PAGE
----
Your vet will begin by asking you for a detailed history of your cat’s signs and symptoms including litter box habits, weight changes, eating and drinking habits, activity levels, and changes in behavior/moods. Your vet will also want to know vaccination history as well as if your cat has been tested for feline leukemia/feline immunodeficiency viruses, dates, and test results.
After a thorough physical exam, diagnostic tests including blood tests, x-rays or ultrasound, and urinalysis will be necessary to determine a diagnosis and the best way to treat and manage your cat. Your vet may recommend additional tests including a fine needle aspirate or a tissue biopsy.
Cancer Treatments Available for Cats
Treatment of neoplasia depends on the type of cancer your cat has been diagnosed with. The following list includes possible options that your vet will discuss with you depending on the type of cancer, location, whether it is benign or malignant, what to expect long term, quality of life, ongoing costs, and more.
- Nontraditional treatments
- Palliative treatment
- Pain management
- Combination of the above
Living with a Cancer Diagnosis in Your Cat
Once your cat has been diagnosed with cancer, and depending on if it is benign or malignant, you and your vet will have to determine what is the best plan moving forward. Quality of life, which includes your cat’s response to treatment, recovery, what to expect, ongoing costs, pain management, and outcome, should be considered and discussed with your vet and with your family.
Preventing Cancer in Cats
While we cannot prevent all cancers, the following list is a guide to help minimize the development of cancer with known risks:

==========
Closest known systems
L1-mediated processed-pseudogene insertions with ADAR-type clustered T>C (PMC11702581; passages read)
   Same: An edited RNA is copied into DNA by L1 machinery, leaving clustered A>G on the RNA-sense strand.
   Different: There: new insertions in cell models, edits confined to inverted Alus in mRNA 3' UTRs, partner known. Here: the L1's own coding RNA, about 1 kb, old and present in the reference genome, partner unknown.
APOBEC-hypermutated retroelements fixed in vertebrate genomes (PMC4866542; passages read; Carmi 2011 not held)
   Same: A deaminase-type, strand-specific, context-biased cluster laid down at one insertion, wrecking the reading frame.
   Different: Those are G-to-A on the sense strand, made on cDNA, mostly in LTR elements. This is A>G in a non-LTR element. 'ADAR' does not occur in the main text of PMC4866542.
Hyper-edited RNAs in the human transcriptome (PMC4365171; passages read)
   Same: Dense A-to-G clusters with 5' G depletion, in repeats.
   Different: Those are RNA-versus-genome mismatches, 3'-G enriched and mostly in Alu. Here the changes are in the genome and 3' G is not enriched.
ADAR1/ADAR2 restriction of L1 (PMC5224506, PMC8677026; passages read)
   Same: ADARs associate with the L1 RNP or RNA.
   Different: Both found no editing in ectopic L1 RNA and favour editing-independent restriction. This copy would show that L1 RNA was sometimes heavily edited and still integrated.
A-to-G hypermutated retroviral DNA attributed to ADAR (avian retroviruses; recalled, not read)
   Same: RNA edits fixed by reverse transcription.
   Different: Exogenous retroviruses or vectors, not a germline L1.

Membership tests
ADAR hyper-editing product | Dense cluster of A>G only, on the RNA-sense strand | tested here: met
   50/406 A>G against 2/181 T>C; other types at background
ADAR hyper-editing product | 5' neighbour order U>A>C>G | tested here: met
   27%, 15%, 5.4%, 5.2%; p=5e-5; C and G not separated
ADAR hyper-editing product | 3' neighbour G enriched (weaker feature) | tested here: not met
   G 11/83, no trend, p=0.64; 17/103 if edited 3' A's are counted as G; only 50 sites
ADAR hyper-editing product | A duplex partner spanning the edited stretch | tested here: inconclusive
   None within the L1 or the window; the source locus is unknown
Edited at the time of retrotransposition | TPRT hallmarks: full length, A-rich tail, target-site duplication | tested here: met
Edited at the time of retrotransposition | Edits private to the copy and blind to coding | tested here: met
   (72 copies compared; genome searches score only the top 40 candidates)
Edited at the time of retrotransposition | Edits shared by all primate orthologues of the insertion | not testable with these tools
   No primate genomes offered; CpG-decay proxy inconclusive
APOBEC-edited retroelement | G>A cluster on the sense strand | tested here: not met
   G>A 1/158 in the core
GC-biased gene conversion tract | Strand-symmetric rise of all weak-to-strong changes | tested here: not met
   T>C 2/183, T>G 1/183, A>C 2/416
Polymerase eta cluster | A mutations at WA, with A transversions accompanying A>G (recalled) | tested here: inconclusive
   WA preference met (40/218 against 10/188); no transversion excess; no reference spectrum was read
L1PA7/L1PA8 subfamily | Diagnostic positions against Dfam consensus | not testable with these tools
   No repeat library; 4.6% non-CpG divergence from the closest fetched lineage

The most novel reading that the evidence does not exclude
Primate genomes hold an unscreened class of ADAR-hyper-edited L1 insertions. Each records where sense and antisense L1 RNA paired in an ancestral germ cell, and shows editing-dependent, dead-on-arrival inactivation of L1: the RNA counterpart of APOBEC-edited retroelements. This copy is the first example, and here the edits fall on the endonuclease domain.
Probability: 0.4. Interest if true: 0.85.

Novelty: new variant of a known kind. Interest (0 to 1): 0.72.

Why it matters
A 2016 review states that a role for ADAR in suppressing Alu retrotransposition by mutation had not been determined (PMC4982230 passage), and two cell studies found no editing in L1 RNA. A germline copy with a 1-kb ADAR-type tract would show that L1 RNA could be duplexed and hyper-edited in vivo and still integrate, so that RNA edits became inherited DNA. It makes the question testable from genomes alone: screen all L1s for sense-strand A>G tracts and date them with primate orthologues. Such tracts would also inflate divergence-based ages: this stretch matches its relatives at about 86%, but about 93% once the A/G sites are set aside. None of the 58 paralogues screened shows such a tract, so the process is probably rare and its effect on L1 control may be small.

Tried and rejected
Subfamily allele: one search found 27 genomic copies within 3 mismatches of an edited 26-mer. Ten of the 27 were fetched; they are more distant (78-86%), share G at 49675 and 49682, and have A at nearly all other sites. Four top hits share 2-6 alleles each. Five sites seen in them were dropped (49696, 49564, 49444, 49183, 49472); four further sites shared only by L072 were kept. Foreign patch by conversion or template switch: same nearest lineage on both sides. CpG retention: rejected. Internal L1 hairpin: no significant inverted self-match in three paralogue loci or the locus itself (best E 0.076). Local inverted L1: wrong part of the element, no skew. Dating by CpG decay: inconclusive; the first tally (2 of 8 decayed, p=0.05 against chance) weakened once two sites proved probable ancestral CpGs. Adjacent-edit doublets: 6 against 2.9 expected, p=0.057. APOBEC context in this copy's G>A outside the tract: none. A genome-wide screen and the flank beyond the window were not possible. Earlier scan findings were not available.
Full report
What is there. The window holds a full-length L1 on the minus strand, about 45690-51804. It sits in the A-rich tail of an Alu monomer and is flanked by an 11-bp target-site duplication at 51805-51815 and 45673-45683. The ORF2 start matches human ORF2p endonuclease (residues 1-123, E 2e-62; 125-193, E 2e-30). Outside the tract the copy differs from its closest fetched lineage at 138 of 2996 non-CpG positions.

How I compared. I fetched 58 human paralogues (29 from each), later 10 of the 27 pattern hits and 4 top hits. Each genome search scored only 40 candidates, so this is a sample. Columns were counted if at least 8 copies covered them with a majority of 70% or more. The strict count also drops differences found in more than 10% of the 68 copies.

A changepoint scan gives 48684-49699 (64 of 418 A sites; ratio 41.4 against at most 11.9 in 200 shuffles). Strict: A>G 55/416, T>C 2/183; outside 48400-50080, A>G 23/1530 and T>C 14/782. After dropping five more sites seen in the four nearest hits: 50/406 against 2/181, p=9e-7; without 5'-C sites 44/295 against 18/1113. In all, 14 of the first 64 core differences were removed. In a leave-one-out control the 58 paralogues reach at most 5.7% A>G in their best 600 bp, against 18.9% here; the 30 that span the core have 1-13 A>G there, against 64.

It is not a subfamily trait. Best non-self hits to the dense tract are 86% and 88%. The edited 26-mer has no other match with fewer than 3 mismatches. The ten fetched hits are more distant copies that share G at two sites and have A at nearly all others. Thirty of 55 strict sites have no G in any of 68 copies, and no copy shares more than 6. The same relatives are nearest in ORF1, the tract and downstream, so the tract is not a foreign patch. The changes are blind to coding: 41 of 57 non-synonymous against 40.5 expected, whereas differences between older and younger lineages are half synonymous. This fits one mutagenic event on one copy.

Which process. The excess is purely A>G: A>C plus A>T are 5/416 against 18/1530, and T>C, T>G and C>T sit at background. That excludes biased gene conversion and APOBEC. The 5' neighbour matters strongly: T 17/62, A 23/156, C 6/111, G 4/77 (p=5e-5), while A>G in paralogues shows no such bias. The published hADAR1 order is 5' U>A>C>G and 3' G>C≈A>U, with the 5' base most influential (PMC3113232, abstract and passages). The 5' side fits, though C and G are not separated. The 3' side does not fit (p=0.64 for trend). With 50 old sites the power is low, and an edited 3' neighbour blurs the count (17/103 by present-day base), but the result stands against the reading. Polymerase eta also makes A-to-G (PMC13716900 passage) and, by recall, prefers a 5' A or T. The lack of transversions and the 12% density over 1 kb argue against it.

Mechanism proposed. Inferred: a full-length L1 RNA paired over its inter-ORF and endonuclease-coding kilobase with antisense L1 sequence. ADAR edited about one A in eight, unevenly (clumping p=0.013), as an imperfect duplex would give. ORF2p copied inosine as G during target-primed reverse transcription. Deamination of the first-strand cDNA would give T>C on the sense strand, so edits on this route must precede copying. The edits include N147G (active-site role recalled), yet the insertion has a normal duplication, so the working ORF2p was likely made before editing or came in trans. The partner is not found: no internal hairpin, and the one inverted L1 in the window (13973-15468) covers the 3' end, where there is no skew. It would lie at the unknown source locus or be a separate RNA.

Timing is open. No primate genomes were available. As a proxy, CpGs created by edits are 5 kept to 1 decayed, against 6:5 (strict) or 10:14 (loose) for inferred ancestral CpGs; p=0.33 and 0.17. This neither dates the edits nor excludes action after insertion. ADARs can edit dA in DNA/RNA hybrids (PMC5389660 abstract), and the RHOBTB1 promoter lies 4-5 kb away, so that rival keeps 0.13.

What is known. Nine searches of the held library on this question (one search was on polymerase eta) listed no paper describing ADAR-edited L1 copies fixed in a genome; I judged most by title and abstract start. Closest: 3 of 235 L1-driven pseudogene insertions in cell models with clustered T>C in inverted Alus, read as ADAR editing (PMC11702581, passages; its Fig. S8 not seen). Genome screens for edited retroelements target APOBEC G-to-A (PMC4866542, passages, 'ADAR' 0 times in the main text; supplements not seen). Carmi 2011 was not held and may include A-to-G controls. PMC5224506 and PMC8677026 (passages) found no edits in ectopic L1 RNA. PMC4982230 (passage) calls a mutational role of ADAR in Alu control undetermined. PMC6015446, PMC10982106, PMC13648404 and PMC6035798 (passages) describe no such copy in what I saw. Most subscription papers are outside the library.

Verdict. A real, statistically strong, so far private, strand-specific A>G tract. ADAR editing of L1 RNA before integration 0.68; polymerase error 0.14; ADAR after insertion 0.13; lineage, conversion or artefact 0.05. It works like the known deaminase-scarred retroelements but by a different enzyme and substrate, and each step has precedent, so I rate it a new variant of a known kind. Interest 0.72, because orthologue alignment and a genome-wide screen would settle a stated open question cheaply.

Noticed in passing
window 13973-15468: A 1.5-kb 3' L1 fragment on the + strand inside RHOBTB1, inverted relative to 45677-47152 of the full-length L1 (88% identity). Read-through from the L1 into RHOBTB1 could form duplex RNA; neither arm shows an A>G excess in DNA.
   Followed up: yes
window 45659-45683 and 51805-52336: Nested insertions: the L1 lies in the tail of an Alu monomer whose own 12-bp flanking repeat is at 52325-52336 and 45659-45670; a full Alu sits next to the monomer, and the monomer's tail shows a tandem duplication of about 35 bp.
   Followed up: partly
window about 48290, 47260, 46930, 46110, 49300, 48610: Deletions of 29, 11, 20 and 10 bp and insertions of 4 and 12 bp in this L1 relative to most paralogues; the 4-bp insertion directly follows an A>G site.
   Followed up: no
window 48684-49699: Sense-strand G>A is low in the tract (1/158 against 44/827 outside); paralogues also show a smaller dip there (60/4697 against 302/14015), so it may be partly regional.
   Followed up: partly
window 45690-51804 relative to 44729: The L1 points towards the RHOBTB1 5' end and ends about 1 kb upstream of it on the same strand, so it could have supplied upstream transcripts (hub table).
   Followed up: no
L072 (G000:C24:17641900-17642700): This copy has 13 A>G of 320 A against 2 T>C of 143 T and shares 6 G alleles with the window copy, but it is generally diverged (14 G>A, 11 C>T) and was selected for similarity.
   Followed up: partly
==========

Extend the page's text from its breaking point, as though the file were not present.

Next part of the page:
- Vaccinate at-risk cats with the feline leukemia vaccine to prevent leukemia.
- Spaying a female cat at an early age will decrease the risk of malignant mammary cancer.
- Limit exposure to secondhand tobacco smoke as it has been shown to increase the risk of cancer in cats.
- Keep lightly pigmented cats out of direct sunlight as much as possible.
- Discuss the risks and benefits of feeding canned cat food and canned tuna with your vet.
- Monitor your cat for any lumps and bumps or any changes to the ones he currently has. Have these checked by a vet right away.
Knowing When it’s Time to Say Goodbye
Knowing when to say goodbye to our beloved pets is one of the most difficult decisions we face. Cats don’t usually show signs of pain or illness in ways we expect them to. By nature, they’re very good at hiding their pain and discomfort.
Veterinarians understand and can explain often overlooked signs or symptoms to help you determine the right time. Knowing that we can relieve their pain and suffering, while heartbreaking, can also be comforting. Our pets give us their unconditional love and in return, we can relieve their suffering with a peaceful goodbye.
Talk to your vet about your cat’s quality of life to determine when to schedule to put your cat to sleep. Know what to expect during the procedure, including sedation so that your cat is sleeping peacefully and will not feel any anxiety or pain when the vet gives the final injection. Deciding to stay with your cat through the procedure is a very personal choice and there is no right or wrong answer.